Tort reform and accountant liability statutes affect the way the CPA profession operates. These laws impact the decisions of both CPAs working in public accounting and in business and industry. Tort laws can also affect the ability to expand businesses, work with clients and recruit prospective clients.
The MNCPA supports two important tort changes
that would benefit the profession and improve Minnesota’s business climate: reduce the statute of limitations from six years to four years; and reduce pre- and post-judgment interest rates on judgments awarded by the courts. The interest rate today is fixed at 10%. If lawmakers consider using the formula in place prior to the most recent change, the interest rate today would be approximately 4%.
Occupational licensing regulation changes
Occupational licensing legislation has been introduced in Minnesota for many years, and it’s expected to be on the list of issues debated by the 2020 Legislature. A diverse mix of interest groups support the legislation for varying reasons. Those reasons include reducing the barriers to entry — making it easier for job seekers to gain employment — and eliminating or reducing of government regulation.
Proposed national model legislation includes all occupations and doesn’t differentiate between trades and professions. As currently proposed, the occupational licensing regulations could affect CPA licensure and mobility, making it difficult — if not impossible — for Minnesota CPAs to work in other states without first obtaining a license in each state. Each year, more states are seeing this type of legislation and the threat to the CPA profession continues to grow.
The MNCPA opposes licensing legislation
that could adversely affect mobility and put Minnesota CPAs at a competitive disadvantage.
New partnership audit rule changes became effective on Jan. 1, 2018. Sometime in late 2020 or early 2021, the IRS should begin completing the first audits under the new rules. The new changes allow the IRS to audit, assess and collect partnership taxes at the entity level and will make collections and payment more efficient. Prior to these changes, when the IRS audited a partnership, it only had authorization to collect taxes from the partners.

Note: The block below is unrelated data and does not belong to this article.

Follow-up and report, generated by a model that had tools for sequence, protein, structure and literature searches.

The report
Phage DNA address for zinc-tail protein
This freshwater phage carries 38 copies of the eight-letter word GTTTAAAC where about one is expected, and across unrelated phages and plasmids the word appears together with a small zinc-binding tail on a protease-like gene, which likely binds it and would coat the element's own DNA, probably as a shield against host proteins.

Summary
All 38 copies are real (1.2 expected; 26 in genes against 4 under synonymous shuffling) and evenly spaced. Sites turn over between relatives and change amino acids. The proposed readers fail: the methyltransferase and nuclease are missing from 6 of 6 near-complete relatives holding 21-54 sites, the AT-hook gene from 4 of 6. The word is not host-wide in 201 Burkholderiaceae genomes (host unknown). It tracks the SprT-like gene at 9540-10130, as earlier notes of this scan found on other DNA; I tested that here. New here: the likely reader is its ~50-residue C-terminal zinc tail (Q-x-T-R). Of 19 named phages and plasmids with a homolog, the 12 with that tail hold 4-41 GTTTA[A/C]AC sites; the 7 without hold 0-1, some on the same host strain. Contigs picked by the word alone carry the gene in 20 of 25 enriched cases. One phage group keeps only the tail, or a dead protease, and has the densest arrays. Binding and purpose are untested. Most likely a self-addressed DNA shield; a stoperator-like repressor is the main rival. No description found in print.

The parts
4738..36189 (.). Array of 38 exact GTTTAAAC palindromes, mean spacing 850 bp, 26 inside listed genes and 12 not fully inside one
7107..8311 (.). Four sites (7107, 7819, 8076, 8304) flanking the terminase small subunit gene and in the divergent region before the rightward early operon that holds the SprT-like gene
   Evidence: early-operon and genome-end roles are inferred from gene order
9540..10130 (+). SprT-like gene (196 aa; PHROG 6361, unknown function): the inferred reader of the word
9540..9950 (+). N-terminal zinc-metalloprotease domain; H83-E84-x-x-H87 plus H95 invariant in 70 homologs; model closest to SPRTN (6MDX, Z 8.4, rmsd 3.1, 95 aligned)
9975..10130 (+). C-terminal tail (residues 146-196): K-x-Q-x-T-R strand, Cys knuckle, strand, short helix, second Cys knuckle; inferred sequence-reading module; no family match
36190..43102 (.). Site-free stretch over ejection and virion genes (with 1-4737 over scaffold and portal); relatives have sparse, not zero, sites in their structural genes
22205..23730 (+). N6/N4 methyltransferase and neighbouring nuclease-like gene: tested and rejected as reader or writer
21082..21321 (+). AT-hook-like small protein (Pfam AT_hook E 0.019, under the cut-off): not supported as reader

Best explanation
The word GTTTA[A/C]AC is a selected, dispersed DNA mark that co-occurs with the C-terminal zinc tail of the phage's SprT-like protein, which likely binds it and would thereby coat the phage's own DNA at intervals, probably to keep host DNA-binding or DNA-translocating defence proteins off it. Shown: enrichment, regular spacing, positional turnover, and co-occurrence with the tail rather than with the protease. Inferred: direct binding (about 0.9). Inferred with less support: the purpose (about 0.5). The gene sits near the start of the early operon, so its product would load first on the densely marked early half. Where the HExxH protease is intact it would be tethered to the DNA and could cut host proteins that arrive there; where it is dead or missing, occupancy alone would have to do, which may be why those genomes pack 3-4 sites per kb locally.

MNCPA legislation introduced and included in the 2019 Senate tax bill aligned most of Minnesota’s tax code to the federal changes. The DOR did not support adopting these changes and supported a change that would have significantly impacted and restricted a partnership’s ability to make certain tax elections.
The MNCPA will support legislation to allow partnerships, including CPA firms organized as partnerships, to have all options available for partnership audits
and oppose any recommendations that would limit this ability.
Department of Revenue and tax court decisions
The Legislature established the Minnesota Tax Court as an executive branch agency with the responsibility of hearing and deciding tax-related cases. The court’s mission is to provide timely and equitable disposition of appeals of orders issued by the Department of Revenue (DOR) and local property tax valuations, classification, equalization and/or exemptions.
There have been recent tax court cases where the court ruled against the DOR, and the DOR chose not to appeal, yet is not following the court’s ruling. Tax professionals and businesses often rely on tax court rulings when deciding what position to take on future tax questions. This issue is another example of where inconsistent application of the law and authoritative guidance from tax administrators creates a barrier to compliance with Minnesota’s tax laws and traps the unwary. Clear and consistent guidance is also vital in determining the correct tax liability.
The MNCPA will support legislation to amend and clarify current statute to read that the DOR is bound by tax court case rulings unless the department is successful in an appeal to the Supreme Court.
As legislation is debated the next four months, the MNCPA government relations team and MNCPA members will be busy at the Capitol. We will meet with legislators, testify at committee meetings and serve as a resource to help policymakers understand how their decisions will affect individuals and businesses throughout Minnesota.
Stay involved and keep in the loop by visiting www.mncpa.org/gr